Donated by Marchese Giacomo Spinola in 1838, it is indicated as no. 24 in the 1844 inventory of the picture gallery of the Accademia, under the title Un convitato macchietta di B. Strozzi. In another, undated, 19th-century inventory, it is given as Parabola del Vangelo di B. Strozzi (AAL, filza 518/1).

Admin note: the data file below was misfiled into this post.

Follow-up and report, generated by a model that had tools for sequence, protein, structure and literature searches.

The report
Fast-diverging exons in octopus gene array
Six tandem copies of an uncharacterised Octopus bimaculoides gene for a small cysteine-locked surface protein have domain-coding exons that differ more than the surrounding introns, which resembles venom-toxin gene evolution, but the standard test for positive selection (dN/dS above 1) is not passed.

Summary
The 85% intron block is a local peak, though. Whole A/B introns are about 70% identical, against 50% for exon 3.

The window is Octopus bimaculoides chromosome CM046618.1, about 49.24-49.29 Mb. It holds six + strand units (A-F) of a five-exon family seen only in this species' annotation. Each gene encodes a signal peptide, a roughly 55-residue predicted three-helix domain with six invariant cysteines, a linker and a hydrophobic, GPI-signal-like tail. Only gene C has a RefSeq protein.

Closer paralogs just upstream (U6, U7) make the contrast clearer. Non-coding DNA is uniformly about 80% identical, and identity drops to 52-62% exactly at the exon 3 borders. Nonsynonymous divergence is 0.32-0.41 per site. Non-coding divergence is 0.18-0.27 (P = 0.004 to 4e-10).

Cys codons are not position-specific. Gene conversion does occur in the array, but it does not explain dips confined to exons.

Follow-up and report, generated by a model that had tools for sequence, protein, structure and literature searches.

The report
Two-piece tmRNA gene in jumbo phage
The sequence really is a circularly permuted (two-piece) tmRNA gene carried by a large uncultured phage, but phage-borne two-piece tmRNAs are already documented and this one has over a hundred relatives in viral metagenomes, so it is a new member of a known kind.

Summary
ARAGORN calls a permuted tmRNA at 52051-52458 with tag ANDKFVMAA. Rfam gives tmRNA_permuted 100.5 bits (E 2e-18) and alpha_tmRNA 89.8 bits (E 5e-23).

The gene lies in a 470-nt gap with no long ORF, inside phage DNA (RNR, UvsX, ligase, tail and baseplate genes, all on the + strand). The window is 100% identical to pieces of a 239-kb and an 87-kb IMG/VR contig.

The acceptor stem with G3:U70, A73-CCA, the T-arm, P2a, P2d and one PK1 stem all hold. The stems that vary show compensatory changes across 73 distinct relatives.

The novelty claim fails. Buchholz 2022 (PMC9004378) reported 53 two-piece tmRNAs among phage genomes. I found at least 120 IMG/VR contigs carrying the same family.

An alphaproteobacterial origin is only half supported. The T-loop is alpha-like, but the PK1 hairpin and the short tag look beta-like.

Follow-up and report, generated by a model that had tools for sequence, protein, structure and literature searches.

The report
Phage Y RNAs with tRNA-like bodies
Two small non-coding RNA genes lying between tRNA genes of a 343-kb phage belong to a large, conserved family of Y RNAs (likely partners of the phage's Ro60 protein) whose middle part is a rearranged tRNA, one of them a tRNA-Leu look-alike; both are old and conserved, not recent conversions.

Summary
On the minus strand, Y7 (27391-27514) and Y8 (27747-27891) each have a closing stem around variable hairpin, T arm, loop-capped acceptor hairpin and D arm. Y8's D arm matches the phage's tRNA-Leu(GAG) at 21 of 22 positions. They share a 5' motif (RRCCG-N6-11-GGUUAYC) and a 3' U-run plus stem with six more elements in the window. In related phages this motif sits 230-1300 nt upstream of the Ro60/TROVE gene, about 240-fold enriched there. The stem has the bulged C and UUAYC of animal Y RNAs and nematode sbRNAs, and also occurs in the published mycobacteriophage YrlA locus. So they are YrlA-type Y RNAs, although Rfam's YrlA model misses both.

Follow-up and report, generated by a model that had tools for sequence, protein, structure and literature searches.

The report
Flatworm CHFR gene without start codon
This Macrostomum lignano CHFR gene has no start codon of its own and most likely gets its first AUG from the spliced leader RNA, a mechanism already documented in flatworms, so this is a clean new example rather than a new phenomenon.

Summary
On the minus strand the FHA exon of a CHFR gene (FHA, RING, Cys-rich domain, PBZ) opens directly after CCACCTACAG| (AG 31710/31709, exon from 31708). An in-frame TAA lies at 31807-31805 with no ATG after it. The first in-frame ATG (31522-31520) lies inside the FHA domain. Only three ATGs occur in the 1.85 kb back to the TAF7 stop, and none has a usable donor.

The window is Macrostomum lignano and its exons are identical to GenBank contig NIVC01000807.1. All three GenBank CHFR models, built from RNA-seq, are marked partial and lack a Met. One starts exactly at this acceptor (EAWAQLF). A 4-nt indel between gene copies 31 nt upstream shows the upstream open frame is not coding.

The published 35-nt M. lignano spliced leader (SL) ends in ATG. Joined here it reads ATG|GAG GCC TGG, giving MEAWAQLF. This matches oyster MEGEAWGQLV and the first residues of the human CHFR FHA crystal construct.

It was painted by Strozzi in 1636 as a preparatory study for the large canvas, later destroyed, in the church of the Incurabili in Venice. Another study of the same work is in the Galleria degli Uffizi in Florence. Critics have pointed out significant differences between these two contemporary paintings, revealing how the artist was able to “feel the same subject in different ways”. As well as a very diverse palette used for the two studies — sharp and brilliant in the Uffizi canvas, restrained and delicate in the Ligustica — the layout of the composition is also different: in the Florence painting, the figures are almost pushed forward in their dynamic poses, and almost intertwined with the surrounding Veronese-like architecture, while in the Genoa work they appear calmly settled against the broad expanse of sky veiled by clouds. It is clear that Strozzi was able to learn about other cultures in Venice and scholars have indeed stressed the importance of Lys for the Uffizi study, and of Feti, Elsheimer and Saraceni for the Ligustica oval, without neglecting Paolo Veronese, for Strozzi was able to learn even more about his work once he reached Venice.